Thanks to support from Quail Coalition in Texas, the Borderlands Research Institute (BRI) at Sul Ross State University will conduct the first-ever research to determine the population of Montezuma quail in the Davis Mountains of West Texas. The research project will deploy innovative acoustic monitoring techniques, another first for BRI research efforts.
“Montezuma quail are a unique but elusive species here in West Texas, and we don’t know much about them,” said Dr. Ryan S. Luna, who is the Kelly R. Thompson Professor of Quail Research at BRI. “One of the basic research questions we need to answer is population size. We are very grateful to the Quail Coalition for funding this project and their ongoing support for quail research in West Texas.”
Quail Coalition consists of 12 local chapters across Texas that are dedicated to quail research, education and habitat improvement. This particular project will use bioacoustics technology to monitor Montezuma quail, the first time this technology has been used by BRI researchers.
“Bioacoustics is essentially the audio version of a game camera,” explained Luna. “It allows for unattended and noninvasive monitoring. Because few studies have been published on Montezuma quail, and there is no tried and true way to survey for them that yields a reliable estimate, we anticipate this will be the first study to determine a rough population estimate for Montezuma quail in Texas.”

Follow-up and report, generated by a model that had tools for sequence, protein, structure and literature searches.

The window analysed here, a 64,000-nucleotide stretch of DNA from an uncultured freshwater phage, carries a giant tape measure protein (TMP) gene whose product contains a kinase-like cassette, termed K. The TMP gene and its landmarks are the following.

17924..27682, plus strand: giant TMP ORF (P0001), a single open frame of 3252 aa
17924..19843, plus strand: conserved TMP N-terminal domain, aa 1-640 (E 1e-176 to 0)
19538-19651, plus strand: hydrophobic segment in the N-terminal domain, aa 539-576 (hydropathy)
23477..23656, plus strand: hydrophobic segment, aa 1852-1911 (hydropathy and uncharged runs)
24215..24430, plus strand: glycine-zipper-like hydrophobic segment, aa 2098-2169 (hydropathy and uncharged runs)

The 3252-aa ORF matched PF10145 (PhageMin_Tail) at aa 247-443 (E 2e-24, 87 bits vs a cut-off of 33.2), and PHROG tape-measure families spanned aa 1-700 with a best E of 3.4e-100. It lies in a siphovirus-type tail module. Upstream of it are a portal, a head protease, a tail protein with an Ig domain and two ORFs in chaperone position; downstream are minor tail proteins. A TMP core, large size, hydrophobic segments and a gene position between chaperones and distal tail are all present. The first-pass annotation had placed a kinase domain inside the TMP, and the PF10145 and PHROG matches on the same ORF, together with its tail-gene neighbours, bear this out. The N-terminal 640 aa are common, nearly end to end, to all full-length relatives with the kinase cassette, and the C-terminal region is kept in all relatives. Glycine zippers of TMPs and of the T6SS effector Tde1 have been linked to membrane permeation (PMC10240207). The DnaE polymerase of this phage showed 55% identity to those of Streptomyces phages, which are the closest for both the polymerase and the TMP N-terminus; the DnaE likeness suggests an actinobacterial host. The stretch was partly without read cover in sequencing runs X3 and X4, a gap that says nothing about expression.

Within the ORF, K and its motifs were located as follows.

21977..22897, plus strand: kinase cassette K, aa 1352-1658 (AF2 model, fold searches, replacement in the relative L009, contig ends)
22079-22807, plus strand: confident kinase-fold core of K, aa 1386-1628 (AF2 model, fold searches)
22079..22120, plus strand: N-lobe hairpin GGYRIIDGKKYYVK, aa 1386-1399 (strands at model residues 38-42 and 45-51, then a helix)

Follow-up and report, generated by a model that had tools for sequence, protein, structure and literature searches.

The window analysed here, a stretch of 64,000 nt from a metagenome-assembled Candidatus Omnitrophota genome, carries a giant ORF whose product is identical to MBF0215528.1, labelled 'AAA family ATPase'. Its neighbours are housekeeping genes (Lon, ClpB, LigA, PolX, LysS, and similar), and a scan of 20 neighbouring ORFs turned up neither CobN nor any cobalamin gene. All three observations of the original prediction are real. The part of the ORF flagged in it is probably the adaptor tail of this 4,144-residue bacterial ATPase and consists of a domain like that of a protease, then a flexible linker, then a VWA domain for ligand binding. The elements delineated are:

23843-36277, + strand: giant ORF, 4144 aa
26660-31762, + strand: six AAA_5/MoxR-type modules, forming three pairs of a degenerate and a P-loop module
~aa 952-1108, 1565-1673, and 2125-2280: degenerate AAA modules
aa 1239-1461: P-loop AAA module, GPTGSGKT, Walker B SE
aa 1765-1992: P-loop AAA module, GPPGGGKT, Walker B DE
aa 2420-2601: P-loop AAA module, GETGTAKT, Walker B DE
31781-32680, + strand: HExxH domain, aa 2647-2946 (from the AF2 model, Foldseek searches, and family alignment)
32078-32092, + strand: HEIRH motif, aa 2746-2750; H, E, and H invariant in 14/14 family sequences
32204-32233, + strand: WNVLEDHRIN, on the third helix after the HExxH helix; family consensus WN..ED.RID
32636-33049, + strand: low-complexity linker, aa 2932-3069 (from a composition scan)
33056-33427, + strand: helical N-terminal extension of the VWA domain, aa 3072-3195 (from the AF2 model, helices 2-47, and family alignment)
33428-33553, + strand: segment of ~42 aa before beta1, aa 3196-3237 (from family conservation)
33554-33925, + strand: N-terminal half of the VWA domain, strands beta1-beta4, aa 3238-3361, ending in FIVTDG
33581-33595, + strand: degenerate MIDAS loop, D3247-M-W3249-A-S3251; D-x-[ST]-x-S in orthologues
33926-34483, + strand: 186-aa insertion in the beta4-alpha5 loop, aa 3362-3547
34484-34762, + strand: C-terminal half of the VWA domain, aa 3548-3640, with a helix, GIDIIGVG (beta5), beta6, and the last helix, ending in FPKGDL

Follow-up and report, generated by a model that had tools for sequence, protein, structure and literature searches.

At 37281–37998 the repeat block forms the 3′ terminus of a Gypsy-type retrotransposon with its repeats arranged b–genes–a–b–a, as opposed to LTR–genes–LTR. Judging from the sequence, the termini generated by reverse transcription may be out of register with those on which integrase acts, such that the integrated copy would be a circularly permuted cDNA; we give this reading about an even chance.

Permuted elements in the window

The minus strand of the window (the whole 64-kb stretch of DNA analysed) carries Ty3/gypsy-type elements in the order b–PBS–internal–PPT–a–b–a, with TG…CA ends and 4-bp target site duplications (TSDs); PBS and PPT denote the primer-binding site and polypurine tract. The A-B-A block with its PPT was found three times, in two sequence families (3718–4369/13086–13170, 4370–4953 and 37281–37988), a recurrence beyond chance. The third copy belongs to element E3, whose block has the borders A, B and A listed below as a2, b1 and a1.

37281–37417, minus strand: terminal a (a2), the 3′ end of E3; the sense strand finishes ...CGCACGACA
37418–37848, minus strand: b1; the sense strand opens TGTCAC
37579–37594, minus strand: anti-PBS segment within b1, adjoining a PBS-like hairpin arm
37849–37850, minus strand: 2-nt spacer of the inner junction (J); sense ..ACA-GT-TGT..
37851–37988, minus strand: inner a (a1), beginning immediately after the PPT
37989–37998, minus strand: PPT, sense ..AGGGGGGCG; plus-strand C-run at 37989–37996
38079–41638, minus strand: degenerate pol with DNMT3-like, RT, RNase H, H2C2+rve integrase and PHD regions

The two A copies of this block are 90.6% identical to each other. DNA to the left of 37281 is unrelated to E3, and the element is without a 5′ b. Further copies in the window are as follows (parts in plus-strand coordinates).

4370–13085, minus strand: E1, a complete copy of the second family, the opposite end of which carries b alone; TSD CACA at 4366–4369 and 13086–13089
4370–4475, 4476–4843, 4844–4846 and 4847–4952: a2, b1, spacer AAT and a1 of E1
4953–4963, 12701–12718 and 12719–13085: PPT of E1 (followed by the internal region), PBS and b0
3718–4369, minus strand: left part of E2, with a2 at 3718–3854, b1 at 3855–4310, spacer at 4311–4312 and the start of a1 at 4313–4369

The $152,000 project will fund research stipends for graduate students and technicians, wildlife acoustic song meters, GPS attachments for programming acoustic devices, and related software and supplies to analyze data. Three Quail Coalition chapters have provided funding this year, including $67,000 from the Park Cities chapter, $50,000 from the Permian Basin chapter, and $35,000 from the Cross Timbers Chapter.
“Thanks to the 3,000 quail hunters that make up our membership, our chapters collectively raise more than $3 million annually at fundraising dinners, with an end goal of sustaining and restoring wild quail populations for future generations,” said Quail Coalition Executive Director Jay Stine. “Quail Coalition is proud to partner with BRI on meaningful and innovative research, and the fact that three of our chapters are collaborating on this Montezuma quail research project speaks volumes about the quality of BRI’s work.”